Hamartomas and midline anomalies in association with infantile hemangiomas, PHACE, and LUMBAR syndromes

Nicole S. Stefanko, Olivia M.T. Davies, Maria Jose Beato, Francine Blei, Beth A. Drolet, Janet Fairley, Ilona J. Frieden, Eloise R. Galligan, Deborah Goddard, Renee Howard, Sameera Husain, Christine T. Lauren, Juan Carlos Lopez-Gutierrez, Carol MacArthur, Denise W. Metry, Kimberly D. Morel, George W. Niedt, Maria C. Garzon, Olayemi Sokumbi, Dawn H. Siegel

Research output: Contribution to journalArticlepeer-review

16 Scopus citations


Background/Objective: The pathogenesis of infantile hemangiomas (IH), PHACE, and LUMBAR syndromes remains unknown. We aim to describe histopathologic features of midline anomalies associated with IH, including patients with PHACE and LUMBAR syndromes. Methods: A multicenter retrospective chart review was performed to identify patients with IH, PHACE, and LUMBAR syndrome with histopathologic specimens from sternal or midline anomalies. A total of 18 midline lesions from 13 patients were included. Out of 18, 14 midline lesions underwent both histopathologic and clinical review. Three hamartoma-like chin plaques and one supraumbilical raphe underwent only clinical review. Results: All 13 patients had midline lesions and IH. Histopathologic diagnoses were as follows: rhabdomyomatous mesenchymal hamartoma (3), folliculosebaceous cystic hamartoma (1), fibroepithelial polyp (1), verrucous epidermal hyperplasia with vascular proliferation and fibroplasia (1), congenital midline cervical cleft (1), pericardium with fibrosis (1), fibrous components with increased collagen (1), atrophic skin/membrane (3), angiolipomatous mass with neural components (1), and lipomatous mass (1). Due to the retrospective nature of this study, it was not possible to obtain pathology slides for all midline lesions that had previously been biopsied or resected. We show clinically and histopathologically a new association between PHACE syndrome and rhabdomyomatous mesenchymal hamartoma (RMH), in addition to demonstrating the association between PHACE syndrome and chin hamartomas. We also display histopathologic findings seen in midline lesions resected from LUMBAR patients. Conclusion: Rhabdomyomatous mesenchymal hamartoma is thought to be related to aberrations of mesenchymal cells during development; therefore, this may provide clues to the pathogenesis of IH and related syndromes.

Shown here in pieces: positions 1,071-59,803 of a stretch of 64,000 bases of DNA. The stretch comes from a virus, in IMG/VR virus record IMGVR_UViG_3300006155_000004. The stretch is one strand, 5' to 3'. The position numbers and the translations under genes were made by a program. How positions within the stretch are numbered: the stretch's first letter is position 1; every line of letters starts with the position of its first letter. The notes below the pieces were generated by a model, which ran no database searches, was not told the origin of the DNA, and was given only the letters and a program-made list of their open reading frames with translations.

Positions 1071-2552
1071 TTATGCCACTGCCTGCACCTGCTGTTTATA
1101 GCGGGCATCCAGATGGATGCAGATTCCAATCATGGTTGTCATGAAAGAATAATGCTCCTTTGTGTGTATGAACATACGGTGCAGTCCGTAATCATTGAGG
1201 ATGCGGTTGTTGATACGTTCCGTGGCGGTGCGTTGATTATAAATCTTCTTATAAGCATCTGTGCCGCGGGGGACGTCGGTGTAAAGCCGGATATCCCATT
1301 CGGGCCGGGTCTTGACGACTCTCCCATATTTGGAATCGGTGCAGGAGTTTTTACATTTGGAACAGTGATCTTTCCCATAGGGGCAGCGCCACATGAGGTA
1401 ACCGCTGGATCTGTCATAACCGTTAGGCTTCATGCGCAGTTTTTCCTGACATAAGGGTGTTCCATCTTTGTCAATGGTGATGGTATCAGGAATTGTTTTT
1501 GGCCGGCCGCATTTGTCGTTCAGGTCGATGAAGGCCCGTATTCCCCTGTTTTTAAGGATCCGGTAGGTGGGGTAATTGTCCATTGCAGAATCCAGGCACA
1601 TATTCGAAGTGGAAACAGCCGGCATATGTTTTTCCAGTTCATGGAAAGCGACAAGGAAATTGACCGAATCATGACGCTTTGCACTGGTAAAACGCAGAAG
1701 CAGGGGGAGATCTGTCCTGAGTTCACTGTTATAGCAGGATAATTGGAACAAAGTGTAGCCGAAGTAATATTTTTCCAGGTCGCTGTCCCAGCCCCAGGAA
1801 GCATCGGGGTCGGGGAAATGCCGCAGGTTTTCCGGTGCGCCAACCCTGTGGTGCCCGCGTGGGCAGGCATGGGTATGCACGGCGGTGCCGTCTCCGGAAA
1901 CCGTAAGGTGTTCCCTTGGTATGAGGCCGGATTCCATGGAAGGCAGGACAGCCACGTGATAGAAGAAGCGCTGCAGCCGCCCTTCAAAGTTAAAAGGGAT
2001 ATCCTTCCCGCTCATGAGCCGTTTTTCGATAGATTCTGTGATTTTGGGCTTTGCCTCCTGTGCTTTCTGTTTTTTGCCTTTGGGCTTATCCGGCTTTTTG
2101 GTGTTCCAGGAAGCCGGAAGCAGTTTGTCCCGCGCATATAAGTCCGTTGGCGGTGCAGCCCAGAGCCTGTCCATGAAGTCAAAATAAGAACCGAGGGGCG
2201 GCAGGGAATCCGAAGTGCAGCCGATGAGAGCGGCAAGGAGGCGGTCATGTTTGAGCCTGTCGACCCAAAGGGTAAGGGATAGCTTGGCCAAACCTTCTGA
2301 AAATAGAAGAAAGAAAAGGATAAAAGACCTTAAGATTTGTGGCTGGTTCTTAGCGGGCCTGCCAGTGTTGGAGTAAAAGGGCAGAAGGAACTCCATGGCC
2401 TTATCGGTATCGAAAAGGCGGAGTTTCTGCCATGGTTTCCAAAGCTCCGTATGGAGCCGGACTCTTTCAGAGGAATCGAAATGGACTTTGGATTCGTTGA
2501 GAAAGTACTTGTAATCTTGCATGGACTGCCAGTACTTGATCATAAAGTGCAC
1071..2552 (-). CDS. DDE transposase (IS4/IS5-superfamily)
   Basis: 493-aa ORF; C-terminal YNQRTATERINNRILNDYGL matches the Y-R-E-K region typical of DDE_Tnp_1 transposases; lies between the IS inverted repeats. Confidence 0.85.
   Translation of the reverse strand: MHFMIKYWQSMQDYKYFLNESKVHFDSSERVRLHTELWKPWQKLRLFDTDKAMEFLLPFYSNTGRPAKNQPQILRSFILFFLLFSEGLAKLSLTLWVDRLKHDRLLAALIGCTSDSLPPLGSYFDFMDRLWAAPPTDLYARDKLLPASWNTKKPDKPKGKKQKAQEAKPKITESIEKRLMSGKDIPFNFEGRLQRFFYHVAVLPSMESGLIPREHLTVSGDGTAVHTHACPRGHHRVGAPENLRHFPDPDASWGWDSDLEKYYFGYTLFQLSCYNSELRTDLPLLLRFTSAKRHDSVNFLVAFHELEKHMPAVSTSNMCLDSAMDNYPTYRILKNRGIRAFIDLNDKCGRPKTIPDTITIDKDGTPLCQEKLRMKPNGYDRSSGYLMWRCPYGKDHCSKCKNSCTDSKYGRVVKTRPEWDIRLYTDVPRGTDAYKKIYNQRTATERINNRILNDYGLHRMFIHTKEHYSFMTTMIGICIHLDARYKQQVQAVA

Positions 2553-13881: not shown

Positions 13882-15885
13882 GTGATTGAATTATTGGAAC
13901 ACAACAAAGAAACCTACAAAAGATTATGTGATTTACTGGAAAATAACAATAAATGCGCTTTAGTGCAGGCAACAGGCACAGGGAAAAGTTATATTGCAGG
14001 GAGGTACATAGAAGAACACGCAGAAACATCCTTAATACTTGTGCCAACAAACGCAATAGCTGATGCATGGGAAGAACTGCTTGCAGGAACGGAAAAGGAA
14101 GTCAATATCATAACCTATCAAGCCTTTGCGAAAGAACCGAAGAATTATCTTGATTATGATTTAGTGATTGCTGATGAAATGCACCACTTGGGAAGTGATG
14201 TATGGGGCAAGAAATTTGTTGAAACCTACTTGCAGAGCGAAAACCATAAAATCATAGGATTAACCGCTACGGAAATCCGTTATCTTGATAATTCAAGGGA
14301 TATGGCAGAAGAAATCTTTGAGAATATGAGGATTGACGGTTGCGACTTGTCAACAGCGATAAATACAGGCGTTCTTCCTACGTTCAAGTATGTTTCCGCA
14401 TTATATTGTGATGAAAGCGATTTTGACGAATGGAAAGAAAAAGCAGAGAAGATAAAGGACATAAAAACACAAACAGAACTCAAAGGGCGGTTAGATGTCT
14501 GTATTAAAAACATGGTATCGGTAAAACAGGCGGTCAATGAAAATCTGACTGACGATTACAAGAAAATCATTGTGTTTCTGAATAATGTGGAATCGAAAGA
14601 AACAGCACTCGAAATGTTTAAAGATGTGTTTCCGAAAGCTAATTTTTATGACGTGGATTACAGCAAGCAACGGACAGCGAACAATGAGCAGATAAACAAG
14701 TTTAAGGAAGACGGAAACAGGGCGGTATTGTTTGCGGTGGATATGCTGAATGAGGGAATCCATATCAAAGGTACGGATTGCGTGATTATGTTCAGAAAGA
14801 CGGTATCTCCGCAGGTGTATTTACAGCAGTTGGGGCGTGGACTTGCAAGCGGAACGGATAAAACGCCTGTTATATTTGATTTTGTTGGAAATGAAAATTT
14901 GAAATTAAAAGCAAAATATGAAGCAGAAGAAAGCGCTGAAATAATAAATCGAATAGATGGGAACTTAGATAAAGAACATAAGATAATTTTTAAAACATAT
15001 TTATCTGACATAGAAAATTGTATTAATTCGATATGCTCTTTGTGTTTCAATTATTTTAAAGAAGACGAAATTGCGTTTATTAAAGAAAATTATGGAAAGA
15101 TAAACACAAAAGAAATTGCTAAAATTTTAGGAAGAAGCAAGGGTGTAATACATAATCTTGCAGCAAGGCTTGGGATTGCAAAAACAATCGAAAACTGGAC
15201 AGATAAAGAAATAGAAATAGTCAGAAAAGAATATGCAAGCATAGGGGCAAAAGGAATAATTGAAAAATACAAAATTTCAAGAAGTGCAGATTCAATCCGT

Original languageEnglish
Pages (from-to)78-85
Number of pages8
JournalPediatric Dermatology
Issue number1
StatePublished - 1 Jan 2020
Externally publishedYes


  • LUMBAR syndrome
  • PELVIS syndrome
  • PHACE syndrome
  • SACRAL syndrome
  • Sternal anomalies
  • development
  • hamartomas
  • mesenchymal cells
  • midline anomalies
  • neural crest cells
  • rhabdomyomatous mesenchymal hamartoma
  • syndromic associations


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